It started existence as an aircraft division of Brewster & Co., a company that originally sold carriages and had branched into automobile bodies and airplane parts. In 1932, James Work, an aeronautical engineer, bought the division for US$30,000 and created the Brewster Aeronautical Corporation. Brewster started out making seaplane floats and wing panels, but with the hire of chief engineer Dayton Brown it embarked on its own designs. It operated three aircraft plants, at the Brewster Building in Long Island City, New York, Newark, New Jersey, and, in 1941, in Warminster Township, Pennsylvania, which was then known as NAS Johnsville.

During WWII it became apparent that Brewster was mismanaged. The company had grown from a relatively minor aircraft parts supplier to a fully-fledged defense giant in only a few years. Brewster ranked 84th among United States corporations in the value of World War II military production contracts. Jimmy Work had hired Alfred and Ignacio Miranda as the company salesmen. They had been involved in frauds, spending two years in prison for selling illicit arms to Bolivia, and had over-promised Brewster production capabilities to customers.


As WWII had swelled the defense industries, the quality of the newly hired work force was inferior in skills and often motivation, and the work was plagued by illicit strikes; even outright sabotage was suspected. The Navy installed George Chapline as president of the company, easing out Jimmy Work, in the hopes of speeding up production, but then in early 1942 Jimmy Work regained control, just in time to be sued for $10 million for financial misdeeds. On April 18, 1942 the Navy simply seized Brewster and put the head of the Naval Aircraft Factory, G.C. Westervelt, in charge. In mid-May a new board of directors was appointed by the Navy, with Brewster making the F3A-1 Corsair under licence.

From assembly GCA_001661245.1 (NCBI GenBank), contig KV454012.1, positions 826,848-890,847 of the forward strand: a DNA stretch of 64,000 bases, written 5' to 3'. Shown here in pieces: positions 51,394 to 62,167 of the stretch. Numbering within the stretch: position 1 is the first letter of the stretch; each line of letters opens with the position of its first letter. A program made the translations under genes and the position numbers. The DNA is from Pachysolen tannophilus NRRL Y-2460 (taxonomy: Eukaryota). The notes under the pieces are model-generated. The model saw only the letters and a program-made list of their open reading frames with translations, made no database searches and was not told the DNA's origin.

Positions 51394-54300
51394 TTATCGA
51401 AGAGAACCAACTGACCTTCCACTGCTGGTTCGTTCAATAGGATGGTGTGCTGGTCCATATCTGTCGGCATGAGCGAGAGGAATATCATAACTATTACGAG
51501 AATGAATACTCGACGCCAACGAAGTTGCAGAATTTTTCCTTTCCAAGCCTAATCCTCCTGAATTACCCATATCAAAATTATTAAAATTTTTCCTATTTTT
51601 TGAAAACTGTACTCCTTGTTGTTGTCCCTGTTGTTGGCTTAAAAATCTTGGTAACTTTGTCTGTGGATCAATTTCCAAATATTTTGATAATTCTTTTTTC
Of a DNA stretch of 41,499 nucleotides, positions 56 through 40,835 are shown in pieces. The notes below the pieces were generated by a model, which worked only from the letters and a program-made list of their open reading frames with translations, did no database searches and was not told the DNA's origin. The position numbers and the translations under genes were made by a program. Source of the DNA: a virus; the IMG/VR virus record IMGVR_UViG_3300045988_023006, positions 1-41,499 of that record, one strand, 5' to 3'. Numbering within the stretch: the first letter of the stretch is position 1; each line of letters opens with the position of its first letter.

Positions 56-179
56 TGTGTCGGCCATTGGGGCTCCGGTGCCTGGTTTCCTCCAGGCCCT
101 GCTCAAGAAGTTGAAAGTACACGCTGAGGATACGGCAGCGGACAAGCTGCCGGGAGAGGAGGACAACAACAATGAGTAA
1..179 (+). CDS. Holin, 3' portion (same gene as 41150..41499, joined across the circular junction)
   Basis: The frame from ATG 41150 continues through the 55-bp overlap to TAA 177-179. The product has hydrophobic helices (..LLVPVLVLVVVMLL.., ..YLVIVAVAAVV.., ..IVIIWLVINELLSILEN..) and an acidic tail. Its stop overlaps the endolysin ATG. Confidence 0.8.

When the Navy cancelled Brewster's last contract, for assembly of the Corsair, on July 1, 1944, the company was in serious trouble. In October, after reporting a large loss, the management decided to shut down the company, and on April 5, 1946, the Brewster Aeronautical Corporation was dissolved by its shareholders.

The Corsair was built in three plants during the war, initially by Vought-Sikorsky in the plant at Stratford, Connecticut. Goodyear Tire & Rubber in Akron, Ohio, was granted license production and finished building its first Corsair the FG-1 in February 1943.

In 1942 the Brewster Car and Aircraft Company of Long Island City, New York, was in financial trouble and was seized by the U.S. Navy on April 18 ,1942. The Navy assigned Corsair production to Brewster, which began completing F3A-1 Corsairs.

Production difficulties contributed to the U.S. Navy refusing to send Brewster built Corsairs to combat, production was canceled on July 1, 1944. The company was shut down shortly after.

Credit to US National Archives,  US NAVY, USMC, Vought, NACA, San Diego Air & Space Museum Archives (SDASM), Fleet Air Arm,  IWM (Imperial War Museums), Wikimedia Commons, National Library of New Zealand,Library of Congress.